By Juan Barquin
By Ciara LaVelle
By George Martinez
By Kat Bein
By Ciara LaVelle
By Travis Cohen
By Carlos Suarez De Jesus
By Monica McGivern
Artistic geniuses are often volatile and ornery. Their creativity makes them iconic; the fact they are so difficult adds a patina of interesting. And you certainly get both in GableStage's Red, the venerable one-act play that hurls symbolism, existentialism, and Friedrich Nietzsche all up in your face like an abstract expressionist dousing a canvas. Red is a semibiographical drama based on the life of Mark Rothko (Gregg Weiner), the Russian-born American painter whose expressionist works rival those of Jackson Pollock on the abstract-genius scale.
Carried by Weiner's grounded yet forceful performance, this play is pretty damn good. It's a tightly acted and reflective drama that paints a dense and compelling portrait of a complex, flawed, and opinionated man.
Rothko, it turns out, is serious to the point of being an opinionated, belligerent asshole about art and the seismic jolt its myth can cause society. But it works, because both the actor and the man are so friggin' brilliant.
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The story is based on real events. In 1958, the beverage company Joseph E. Seagram & Sons commissioned the artist to produce a set of murals for a new high-end restaurant named the Four Seasons. In the play, Rothko hires a young assistant, Ken (Ryan Didato), who unwittingly becomes the artist's sounding board for his dogmatic diatribes.
When the lights come up, we see Rothko sitting in his disheveled studio with a cigarette dangling between his fingers as he ardently gazes at one of his paintings. Ken arrives for his initial job interview, and Rothko blurts out, "What do you see?" He forces the kid to give his interpretation of the work, urging him to go beyond the obvious answers. Rothko is like a shitty middle school art teacher mixed with the old guy who yells at the neighborhood children to get off his damn lawn.
As a kid, Rothko came to the United States. His father, fearing the Czarist Army draft, moved the family to America from Russia in 1913. It was in New York where Rothko discovered his artistic calling and quickly became one of the world's greatest abstract expressionist painters. Wanting his art to reflect current political values as well as man's spiritual creativity, the artist was obsessed with color, form, and space. He dove into classical mythology and the writings of Nietzsche, the 19th-century German existentialist philosopher.
Through Weiner's performance, we clearly see Rothko as a man deeply influenced by Nietzscheism. Weiner, a five-time Carbonell winner who was last seen at GableStage in 2010 as Adam in 50 Words, fits the role of Rothko just right with his baritone inflection, nuanced emotional outbursts, and uncanny ability to cut Ken down to size with merely a look.
Weiner read up on Nietzsche before playing Rothko. But according to the actor, the painter one-upped the philosopher when it came to being abstruse. "You think Nietzsche can be inaccessible," he told me after the show. "I read some of Rothko's stuff and didn't know what the fuck he was talking about half the time." Rothko's intelligence is enigmatic, even in his writing, Weiner says.
At its core, Red is a series of snapshots of the artist's mind — visceral moments during which he both admonishes Ken while feigning indifference and bitches about everything that's wrong with world culture. "I'm here to make you think," the fickle artist cries out to Ken while the two spar over the meaning of texture in one of his paintings, "not paint pretty pictures!"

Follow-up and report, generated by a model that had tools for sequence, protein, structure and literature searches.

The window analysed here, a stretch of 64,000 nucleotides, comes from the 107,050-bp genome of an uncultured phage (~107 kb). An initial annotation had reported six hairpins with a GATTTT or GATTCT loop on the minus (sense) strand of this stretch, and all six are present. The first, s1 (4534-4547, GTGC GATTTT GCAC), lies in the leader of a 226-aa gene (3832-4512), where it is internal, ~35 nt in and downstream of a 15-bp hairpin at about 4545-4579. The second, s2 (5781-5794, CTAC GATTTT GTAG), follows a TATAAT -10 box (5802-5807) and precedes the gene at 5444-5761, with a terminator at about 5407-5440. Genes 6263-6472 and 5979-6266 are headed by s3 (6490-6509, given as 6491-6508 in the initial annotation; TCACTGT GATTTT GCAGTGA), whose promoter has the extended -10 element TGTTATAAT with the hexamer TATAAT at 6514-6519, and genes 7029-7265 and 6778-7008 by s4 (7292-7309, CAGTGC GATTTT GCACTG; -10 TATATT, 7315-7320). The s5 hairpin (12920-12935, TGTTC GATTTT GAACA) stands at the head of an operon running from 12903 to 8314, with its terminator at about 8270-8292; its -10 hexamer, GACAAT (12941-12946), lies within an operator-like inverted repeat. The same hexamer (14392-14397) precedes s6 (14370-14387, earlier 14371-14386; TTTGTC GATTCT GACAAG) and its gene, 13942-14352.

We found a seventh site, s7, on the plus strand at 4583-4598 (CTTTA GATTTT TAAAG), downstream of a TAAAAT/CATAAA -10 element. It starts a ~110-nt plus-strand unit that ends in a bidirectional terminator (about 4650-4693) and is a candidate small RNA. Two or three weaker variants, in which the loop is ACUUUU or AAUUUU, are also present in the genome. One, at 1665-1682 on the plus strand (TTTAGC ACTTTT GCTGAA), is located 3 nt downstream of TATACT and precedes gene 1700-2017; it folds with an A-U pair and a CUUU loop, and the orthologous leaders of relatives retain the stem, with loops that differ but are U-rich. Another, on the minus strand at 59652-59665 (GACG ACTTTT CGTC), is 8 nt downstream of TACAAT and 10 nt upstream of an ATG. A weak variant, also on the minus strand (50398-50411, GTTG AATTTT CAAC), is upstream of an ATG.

Indeed, Rothko constantly wrestles with the value and objectivity of truth. He questions everything, from his own work to Ken's mindset to his very real awareness that his art will hang at a restaurant for snooty, rich assholes ("I'm going to paint paintings that will ruin the appetite of every son of a bitch who ever eats in that room!").
Red is engrossing, but it's not without flaws. Playwright John Logan has some impressive screenplays on his resumé (The Aviator, Gladiator, The Last Samurai), and his story-telling prowess is on full display here. But Red is also drenched in heavy-handed symbolism. The color red is all over the damn place. It bookends the narrative, it's the color of Rothko's big-ass painting — which hangs center stage for all to see during the full 90 minutes — and it is a not-so-subtle presence in everything from Ken's dark past to Rothko's eventual date with destiny. Logan wants us to understand that red is the color of blood and passion. We get it, dude. Dial it down a notch.
The play could also do without Ken's backstory. The character isn't based on any real person, and his "unsettling" past seems to be shoehorned in to give the character some depth while once again dousing us with that pesky symbolism.
Held together by an absorbing classical soundtrack, set designer Lyle Baskin's stripped-down lighting, and the talent of the two actors who adeptly deliver Logan's prose, the play is solidly directed by the always-awesome Joseph Adler.
Red first opened in London to stellar reviews in 2009 and eventually made its way to Broadway, with veteran character actor Alfred Molina in the role of Rothko. GableStage's take is a fantastic one, thanks mainly to Weiner's performance, in which he reveals a narcissistic, fading giant in a postmodern world. "The actor in me wishes there was audio or film on the man," Weiner says. "But the benefit is there is nothing to imitate or act off of other than his writings, which helped me a lot."
And then, in true Rothko-like fashion, the amiable Weiner says, "It's a work in progress."